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Persistence of Enterohemorrhagic Escherichia coli O157:H7 in Soil and on Leaf Lettuce and Parsley Grown in Fields Treated with Contaminated Manure Composts or Irrigation Water

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Outbreaks of enterohemorrhagic Escherichia coli O157:H7 infections associated with lettuce and other leaf crops have occurred with increasing frequency in recent years. Contaminated manure and polluted irrigation water are probable vehicles for the pathogen in many outbreaks. In this study, the occurrence and persistence of E. coli O157:H7 in soil fertilized with contaminated poultry or bovine manure composts or treated with contaminated irrigation water and on lettuce and parsley grown on these soils under natural environmental conditions was determined. Twenty-five plots, each 1.8 by 4.6 m, were used for each crop, with five treatments (one without compost, three with each of the three composts, and one without compost but treated with contaminated water) and five replication plots for each treatment. Three different types of compost, PM-5 (poultry manure compost), 338 (dairy manure compost), and NVIRO-4 (alkaline-stabilized dairy manure compost), and irrigation water were inoculated with an avirulent strain of E. coli O157:H7. Pathogen concentrations were 107 CFU/g of compost and 105 CFU/ml of water. Contaminated compost was applied to soil in the field as a strip at 4.5 metric tons per hectare on the day before lettuce and parsley seedlings were transplanted in late October 2002. Contaminated irrigation water was applied only once on the plants as a treatment in five plots for each crop at the rate of 2 liters per plot 3 weeks after the seedlings were transplanted. E. coli O157:H7 persisted for 154 to 217 days in soils amended with contaminated composts and was detected on lettuce and parsley for up to 77 and 177 days, respectively, after seedlings were planted. Very little difference was observed in E. coli O157:H7 persistence based on compost type alone. E. coli O157:H7 persisted longer (by > 60 days) in soil covered with parsley plants than in soil from lettuce plots, which were bare after lettuce was harvested. In all cases, E. coli O157:H7 in soil, regardless of source or crop type, persisted for > 5 months after application of contaminated compost or irrigation water.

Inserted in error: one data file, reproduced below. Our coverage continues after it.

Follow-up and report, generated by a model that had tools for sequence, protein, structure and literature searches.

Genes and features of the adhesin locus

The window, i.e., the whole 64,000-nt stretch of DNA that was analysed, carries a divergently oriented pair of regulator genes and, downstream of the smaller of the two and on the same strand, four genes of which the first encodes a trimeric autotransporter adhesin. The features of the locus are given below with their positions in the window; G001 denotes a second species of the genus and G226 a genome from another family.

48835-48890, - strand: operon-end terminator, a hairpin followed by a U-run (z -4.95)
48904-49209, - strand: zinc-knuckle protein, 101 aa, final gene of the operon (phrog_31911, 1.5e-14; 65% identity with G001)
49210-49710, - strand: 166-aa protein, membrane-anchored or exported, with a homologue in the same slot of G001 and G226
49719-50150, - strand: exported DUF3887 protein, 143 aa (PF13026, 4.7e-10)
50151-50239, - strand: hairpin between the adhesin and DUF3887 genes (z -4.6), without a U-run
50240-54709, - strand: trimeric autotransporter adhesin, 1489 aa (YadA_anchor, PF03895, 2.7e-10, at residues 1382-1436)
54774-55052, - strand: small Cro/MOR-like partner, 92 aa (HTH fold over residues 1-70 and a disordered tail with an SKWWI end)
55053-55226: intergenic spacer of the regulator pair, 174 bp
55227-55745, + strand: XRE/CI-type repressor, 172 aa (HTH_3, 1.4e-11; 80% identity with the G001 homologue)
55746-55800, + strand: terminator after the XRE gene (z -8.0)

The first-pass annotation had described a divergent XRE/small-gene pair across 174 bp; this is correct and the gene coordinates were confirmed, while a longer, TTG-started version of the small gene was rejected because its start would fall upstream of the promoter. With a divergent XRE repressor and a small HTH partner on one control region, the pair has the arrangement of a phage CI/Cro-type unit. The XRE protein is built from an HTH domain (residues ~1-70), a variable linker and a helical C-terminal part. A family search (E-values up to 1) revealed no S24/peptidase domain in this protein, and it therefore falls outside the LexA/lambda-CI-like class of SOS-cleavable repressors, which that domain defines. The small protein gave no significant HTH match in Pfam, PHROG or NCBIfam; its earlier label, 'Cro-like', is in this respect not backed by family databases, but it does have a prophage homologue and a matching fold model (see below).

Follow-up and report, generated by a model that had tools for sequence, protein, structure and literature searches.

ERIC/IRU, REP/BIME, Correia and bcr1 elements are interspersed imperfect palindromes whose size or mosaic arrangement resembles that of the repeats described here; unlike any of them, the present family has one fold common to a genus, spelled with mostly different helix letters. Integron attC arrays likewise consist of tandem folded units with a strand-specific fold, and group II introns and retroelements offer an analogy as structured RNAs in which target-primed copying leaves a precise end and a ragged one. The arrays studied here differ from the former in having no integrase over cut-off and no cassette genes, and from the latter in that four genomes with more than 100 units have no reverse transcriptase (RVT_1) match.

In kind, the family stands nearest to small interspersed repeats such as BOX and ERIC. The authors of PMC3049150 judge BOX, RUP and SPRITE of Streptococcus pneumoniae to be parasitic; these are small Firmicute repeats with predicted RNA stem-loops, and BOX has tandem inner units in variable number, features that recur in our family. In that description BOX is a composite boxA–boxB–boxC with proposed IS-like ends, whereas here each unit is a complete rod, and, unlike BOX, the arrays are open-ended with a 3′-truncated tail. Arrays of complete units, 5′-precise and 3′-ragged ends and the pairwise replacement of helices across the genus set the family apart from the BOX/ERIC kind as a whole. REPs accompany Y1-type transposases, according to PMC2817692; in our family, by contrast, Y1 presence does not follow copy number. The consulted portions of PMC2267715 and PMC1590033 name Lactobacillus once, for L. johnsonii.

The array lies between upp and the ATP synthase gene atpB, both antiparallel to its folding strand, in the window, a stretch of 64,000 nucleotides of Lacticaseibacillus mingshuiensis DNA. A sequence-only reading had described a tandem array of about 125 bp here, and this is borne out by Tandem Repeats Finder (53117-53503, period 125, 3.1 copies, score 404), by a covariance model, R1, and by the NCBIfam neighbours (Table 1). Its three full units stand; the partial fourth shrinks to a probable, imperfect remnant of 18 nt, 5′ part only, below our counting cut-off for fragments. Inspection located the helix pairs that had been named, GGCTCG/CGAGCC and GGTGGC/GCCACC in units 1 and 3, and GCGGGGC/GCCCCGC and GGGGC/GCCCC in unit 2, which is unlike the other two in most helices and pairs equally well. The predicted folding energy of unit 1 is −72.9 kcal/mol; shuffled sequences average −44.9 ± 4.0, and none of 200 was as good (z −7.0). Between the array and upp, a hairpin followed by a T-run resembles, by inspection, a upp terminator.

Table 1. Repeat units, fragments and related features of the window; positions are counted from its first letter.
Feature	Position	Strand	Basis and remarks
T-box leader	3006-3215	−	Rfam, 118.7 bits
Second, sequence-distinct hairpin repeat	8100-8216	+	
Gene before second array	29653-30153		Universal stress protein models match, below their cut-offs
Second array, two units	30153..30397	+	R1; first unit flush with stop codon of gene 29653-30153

Document Type: Research Article

Affiliations: 1: Center for Food Safety, University of Georgia, 1109 Experiment Street, Griffin, Georgia 30223-1797 2: Department of Horticulture, University ofGeorgia, Coastal Plain Experiment Station, Tifton, Georgia 31793 3: Animal Waste Pathogens Laboratory, U. S. Department of Agriculture,Agricultural Research Service, Beltsville Agricultural Research Center, 10300 Baltimore Avenue, Building 001, Beltsville, Maryland 20705-2350 4: Department of Food Science and Human Nutrition, Clemson University, Clemson, South Carolina 29634, USA

Publication date: July 1, 2004

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    The Journal of Food Protection (JFP) is a refereed monthly publication. Each issue contains scientific research and authoritative review articles reporting on a variety of topics in food science pertaining to food safety and quality. The Journal is internationally recognized as the leading publication in the field of food microbiology with a readership exceeding 11,000 scientists from 70 countries. The Journal of Food Protection is indexed in Index Medicus, Current Contents, BIOSIS, PubMed, Medline, and many others.

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